Let’s start with the positive impressions of the craft module. Overall, I think that the Crow Pi 2 is very successful. For children and learners, it offers a nice introduction to the various sensors and modules. The knowledge imparted helps with all subsequent projects.
I particularly liked the guided learning for beginners. There are courses for Python and Scratch, where the programming of a sensor is explained step by step. Diagrams and images are displayed where necessary for better understanding.
If you want to start more easily, you can take a look at the ready-made projects first. These are simply started and show how the modules work, as can be seen in the next picture.
Another positive point is that the board is well labelled and it is, therefore, clear which GPIOs or addresses are used by the modules. This makes it easier to transfer your code to other projects later.
So that the entertainment value is not neglected, there are around 20 games (for children) included. These range from Minecraft to Flappy Bird. Different sensors/modules are used (e.g. joystick, touch sensor, RFID reader, etc.). If the two controllers are connected via USB, some games can also be played in pairs (RetroPie).
In addition, tools for face recognition and AI are included. You shouldn’t expect too much here, but since it makes you want more, I think this is a very good point.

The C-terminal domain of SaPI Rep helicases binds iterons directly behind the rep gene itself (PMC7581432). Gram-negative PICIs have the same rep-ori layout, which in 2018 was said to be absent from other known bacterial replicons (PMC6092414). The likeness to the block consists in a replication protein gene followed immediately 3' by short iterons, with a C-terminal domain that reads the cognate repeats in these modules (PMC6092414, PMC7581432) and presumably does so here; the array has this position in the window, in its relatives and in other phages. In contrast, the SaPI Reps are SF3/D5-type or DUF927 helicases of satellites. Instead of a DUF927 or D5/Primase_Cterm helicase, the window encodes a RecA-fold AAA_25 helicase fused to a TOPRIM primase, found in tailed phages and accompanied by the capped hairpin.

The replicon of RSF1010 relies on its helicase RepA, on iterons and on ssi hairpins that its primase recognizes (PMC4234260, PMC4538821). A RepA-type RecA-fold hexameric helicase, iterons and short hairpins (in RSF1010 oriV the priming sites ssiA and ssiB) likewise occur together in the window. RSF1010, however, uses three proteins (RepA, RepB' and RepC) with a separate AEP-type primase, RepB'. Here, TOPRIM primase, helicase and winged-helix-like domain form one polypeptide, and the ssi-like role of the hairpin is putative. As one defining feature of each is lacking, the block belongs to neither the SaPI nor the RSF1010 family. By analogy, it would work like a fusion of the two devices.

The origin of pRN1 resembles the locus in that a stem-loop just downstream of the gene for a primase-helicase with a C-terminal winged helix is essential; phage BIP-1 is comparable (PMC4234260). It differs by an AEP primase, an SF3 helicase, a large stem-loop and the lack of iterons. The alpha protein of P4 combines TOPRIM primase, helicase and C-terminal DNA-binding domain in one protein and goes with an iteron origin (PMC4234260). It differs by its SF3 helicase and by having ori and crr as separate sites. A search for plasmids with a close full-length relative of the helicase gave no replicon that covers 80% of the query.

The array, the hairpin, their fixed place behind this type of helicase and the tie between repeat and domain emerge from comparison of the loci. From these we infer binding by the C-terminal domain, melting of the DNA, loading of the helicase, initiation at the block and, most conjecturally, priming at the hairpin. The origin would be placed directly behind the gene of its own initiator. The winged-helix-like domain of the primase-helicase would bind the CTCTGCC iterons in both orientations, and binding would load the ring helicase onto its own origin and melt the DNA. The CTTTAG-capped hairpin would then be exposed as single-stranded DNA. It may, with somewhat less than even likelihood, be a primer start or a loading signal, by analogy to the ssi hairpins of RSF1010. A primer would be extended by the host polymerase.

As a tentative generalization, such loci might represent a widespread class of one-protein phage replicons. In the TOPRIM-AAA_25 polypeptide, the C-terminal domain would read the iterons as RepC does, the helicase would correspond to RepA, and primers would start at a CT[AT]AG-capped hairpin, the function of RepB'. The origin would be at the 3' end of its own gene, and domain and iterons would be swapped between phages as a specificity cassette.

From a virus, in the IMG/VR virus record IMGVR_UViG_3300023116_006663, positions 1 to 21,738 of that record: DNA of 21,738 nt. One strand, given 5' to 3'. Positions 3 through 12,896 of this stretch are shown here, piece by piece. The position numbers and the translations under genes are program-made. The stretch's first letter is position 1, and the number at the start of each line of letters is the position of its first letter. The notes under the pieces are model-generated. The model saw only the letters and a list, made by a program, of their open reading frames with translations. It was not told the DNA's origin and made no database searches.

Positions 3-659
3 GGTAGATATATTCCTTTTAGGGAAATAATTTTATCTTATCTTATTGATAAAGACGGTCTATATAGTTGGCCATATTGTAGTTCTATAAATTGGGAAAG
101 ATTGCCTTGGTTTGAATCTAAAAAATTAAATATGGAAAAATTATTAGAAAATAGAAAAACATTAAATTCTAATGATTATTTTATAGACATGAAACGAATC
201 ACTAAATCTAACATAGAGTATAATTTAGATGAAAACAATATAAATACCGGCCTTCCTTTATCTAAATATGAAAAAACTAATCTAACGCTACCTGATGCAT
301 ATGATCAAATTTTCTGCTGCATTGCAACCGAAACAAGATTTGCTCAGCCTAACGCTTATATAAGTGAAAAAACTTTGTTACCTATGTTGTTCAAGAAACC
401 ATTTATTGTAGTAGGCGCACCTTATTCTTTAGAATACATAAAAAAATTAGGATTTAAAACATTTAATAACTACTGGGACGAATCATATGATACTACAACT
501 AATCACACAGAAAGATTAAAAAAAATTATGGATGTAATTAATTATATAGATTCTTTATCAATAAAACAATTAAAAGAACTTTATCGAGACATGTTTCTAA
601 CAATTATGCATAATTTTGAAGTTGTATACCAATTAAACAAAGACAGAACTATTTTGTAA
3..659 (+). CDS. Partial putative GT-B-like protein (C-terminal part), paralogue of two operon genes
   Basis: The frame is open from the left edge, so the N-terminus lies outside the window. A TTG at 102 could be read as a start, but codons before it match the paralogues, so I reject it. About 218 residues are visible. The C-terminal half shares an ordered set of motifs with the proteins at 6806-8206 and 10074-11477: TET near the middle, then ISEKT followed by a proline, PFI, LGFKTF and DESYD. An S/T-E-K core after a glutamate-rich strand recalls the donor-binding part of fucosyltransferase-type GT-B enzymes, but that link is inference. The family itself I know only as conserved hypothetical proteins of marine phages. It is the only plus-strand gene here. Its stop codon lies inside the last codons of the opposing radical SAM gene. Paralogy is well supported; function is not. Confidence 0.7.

Unfortunately, there were also a few points that I didn’t like that much:
Even if the set is intended for beginners, it is a shame that the sensors cannot be removed from the circuit board. This is not a problem the first time you use it, but you usually want to create something of your own afterwards. So it is impossible to build your own (extended) projects with it and you have to buy them individually. Only the motors are removable.
Furthermore, the software I tested was purely in English. This is not a problem for children whose first language is English, but if they do not have sufficient knowledge of English it will be very difficult for 8-year-old children to follow the instructions. When asked, however, I was told that multilingualism was planned for the later version.
One last minor flaw that was noticeable on my copy is that the case wobbles as soon as you remove the keyboard. As a result, the weight at the front is too low and the Raspberry Pi laptop tilts a little. However, I think this only occurs on the demo units and is still being improved.
Conclusion of the Raspberry Pi Laptop
In summary, I have to say that I see the Crow Pi as a very nice platform for learning. Due to the compact design as a notebook, the most important items are included and can also be taken with friends or other places. The target group are mainly children without much programming experience. The resources are very fixated on it but offer good added value.
Only the price of approx. $ 150 in the basic version and $ 300 in the deluxe version (plus shipping costs + import tax) is a bit high if you don’t need all the parts or have already had the initial experience. For children with no programming experience whatsoever, the Crow Pi is probably a good investment – although it will probably not be the last 😉
© Images: Elecrow